"When I forge a blade, I always try to improve upon the previous blade. The damascus always surprises me with a new response. What kind of face will the best blade I will forge someday show me?"

Meet The Makers

Shoichi Hashimoto - Japan

It was many years into his love of edged objects that Shoichi Hashimoto discovered the existence of commercially made knives available for sale. By this point, around the time of junior high school, Shoichi had been making and testing his own creations since early childhood. The first foray involved a shuriken cut from paper, made and thrown as his father taught him. Enthusiastic for this new direction in life, he made and threw “large quantities of them.” Next, tree branches whose shapes resembled swords become the focus, forming them as needed to ward off various imaginary foe. Curved sabre and dagger-like profiles excited Shoichi most. The monsters from his favorite video games, were their paths to cross, would be in for a fierce battle.

By elementary school Shoichi graduated to metals, cutting his first metallic blade from a thin sheet of copper with a pair of scissors. When he used it to challenge the nearest monster…or, paper box as the case may have been (no one knows for sure)…the blade bent sideways with little effort. The copper’s reddish luster had captured his heart, though, and this first experiment would lead to many more. 

Limited by his age and the conscientious shop owners who would not sell a child the blades Shoichi desired most, he was inspired by the sounds and flying sparks of a metalworking studio he passed on the street, and a new spark was lit. Shoichi knew that if he could source an iron bar, certainly more accessible to this young man than an oversized knife, he could himself shape it and give it an edge. So, he did. Throughout the experiments that followed, Shoichi learned about grinding, hardened steel vs soft iron, stainless vs carbon, casting and melting lead, and even hardening and drying gelatin.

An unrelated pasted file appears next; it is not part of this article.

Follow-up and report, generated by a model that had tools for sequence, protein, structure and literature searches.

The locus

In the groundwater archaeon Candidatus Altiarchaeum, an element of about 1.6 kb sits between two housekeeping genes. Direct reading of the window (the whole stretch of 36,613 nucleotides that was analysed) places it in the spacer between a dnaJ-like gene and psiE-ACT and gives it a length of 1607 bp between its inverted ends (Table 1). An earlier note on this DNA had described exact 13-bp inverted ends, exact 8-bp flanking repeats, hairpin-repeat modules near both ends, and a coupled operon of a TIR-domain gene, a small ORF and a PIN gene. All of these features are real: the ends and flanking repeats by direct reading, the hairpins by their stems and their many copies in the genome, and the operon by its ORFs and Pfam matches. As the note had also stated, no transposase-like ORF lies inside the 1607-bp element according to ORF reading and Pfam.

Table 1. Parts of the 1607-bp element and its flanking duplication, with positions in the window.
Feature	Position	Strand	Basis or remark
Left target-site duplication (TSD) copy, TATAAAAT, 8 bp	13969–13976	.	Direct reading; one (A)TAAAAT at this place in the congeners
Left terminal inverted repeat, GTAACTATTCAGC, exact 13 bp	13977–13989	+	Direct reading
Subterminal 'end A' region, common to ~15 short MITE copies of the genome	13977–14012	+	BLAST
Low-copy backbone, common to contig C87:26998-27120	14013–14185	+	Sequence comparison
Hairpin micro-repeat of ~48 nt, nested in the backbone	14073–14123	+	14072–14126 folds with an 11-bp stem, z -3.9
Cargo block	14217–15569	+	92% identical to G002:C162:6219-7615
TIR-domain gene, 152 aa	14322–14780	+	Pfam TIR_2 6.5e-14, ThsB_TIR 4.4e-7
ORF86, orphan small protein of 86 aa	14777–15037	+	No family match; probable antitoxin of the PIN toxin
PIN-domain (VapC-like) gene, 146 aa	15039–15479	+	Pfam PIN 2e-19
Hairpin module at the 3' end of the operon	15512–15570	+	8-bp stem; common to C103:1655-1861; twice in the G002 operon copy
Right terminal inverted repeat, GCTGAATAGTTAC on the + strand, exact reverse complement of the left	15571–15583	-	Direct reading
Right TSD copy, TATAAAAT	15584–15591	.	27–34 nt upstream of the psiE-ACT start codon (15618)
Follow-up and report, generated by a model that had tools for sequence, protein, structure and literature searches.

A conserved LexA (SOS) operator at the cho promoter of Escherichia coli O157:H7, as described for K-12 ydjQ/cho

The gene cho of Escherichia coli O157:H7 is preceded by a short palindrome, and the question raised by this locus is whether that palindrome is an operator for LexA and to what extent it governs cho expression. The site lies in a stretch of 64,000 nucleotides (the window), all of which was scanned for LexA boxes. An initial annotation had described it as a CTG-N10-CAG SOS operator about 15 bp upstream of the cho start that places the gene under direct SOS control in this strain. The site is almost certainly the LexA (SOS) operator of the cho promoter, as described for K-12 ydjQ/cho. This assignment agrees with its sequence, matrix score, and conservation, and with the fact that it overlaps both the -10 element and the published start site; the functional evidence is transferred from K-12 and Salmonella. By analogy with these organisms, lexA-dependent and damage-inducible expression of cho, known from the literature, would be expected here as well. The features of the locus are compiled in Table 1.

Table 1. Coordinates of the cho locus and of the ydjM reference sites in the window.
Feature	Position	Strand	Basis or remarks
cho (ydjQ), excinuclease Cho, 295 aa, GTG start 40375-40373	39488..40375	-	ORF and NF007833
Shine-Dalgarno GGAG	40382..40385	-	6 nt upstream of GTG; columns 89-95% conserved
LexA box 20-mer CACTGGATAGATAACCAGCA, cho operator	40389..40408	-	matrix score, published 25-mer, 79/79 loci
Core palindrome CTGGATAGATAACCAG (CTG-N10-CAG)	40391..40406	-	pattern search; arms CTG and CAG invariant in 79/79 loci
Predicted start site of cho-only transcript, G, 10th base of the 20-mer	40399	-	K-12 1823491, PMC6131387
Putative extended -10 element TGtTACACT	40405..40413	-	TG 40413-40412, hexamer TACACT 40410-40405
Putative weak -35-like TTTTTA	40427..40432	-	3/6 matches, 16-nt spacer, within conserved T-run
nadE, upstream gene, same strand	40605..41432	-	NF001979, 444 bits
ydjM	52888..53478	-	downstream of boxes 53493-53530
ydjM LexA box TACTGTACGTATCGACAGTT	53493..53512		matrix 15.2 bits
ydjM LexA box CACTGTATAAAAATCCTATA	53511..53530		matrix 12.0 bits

In 2001 Shoichi entered university in his hometown at the Faculty of Arts at Hiroshima City University where, after a year studying a wide variety of design and traditional craft disciplines, he joined a laboratory teaching metal crafts, and the rest is history. In addition to learning about copper sheet metal techniques, silversmithing, and basic blacksmithing in his early years of formal training, Shoichi was given the opportunity to meet the master swordsmith Sadanao Mikami. As regular meetings with Mikami fueled his passion and knowledge of traditional Japanese sword making techniques, through this community Shoichi was introduced to another artist, Mendel Jonkers of the Netherlands, who was on campus to lecture on damascus steel making. Shoichi was 20 years old in 2002 when this magical and life-changing experience occurred, and he spent the following decade, including five years as a student, one year as a freelance research assistant, and four more years as a part-time assistant to laboratory staff, studying blacksmithing and damascus techniques.

Shoichi’s love of ornamental and sculptural forms was informed by the art that is damascus steel, and his first creation began as a petal shape, transforming into a tornado, and finally, a wing-like plate sprouting from the base of the blade. It was in graduate school when Shoichi was invited by product designer Shimada Hidetugu to attend the Seki Outdoors Knife Show, the first time he presented his work to an audience outside of school. Showing first a sculptural work with little utility to accompany the artful form, Shoichi was inspired and went on to exhibit his more functional pieces for which he received much positive feedback. Continuing with the university as a part-time staff member until 2012 and honing his craft along the way, Shoichi was ready for the next phase of his journey and quit his job to set up a small workshop of his own. Crediting Yamashita Hamono, a local knife store run by Mr. Yamashita, with the opportunity to expand and present his art more widely, Shoichi began exhibiting internationally in 2016, showing his work in Taiwan, France, and then in 2019 in New York City where he met Eatingtools’ founder Abe Shaw.

Today, Shoichi Hashimoto gives all of his being to the creation of damascus steel and damascus blades, feeling an otherworldly attraction to the mystique of this storied material. With deep etches, many alloys of steel in fine layers to create patterns with depth and character and resulting finished pieces worthy of the aesthetic nature of pattern-welded steel, Shoichi’s blades are made to be enjoyed from afar, up-close, and of course, in the hand. Influenced heavily by Japanese swords to this day, Shoichi’s culinary pieces are extraordinary, thoughtful, and full of the soul of a man who lives for his craft.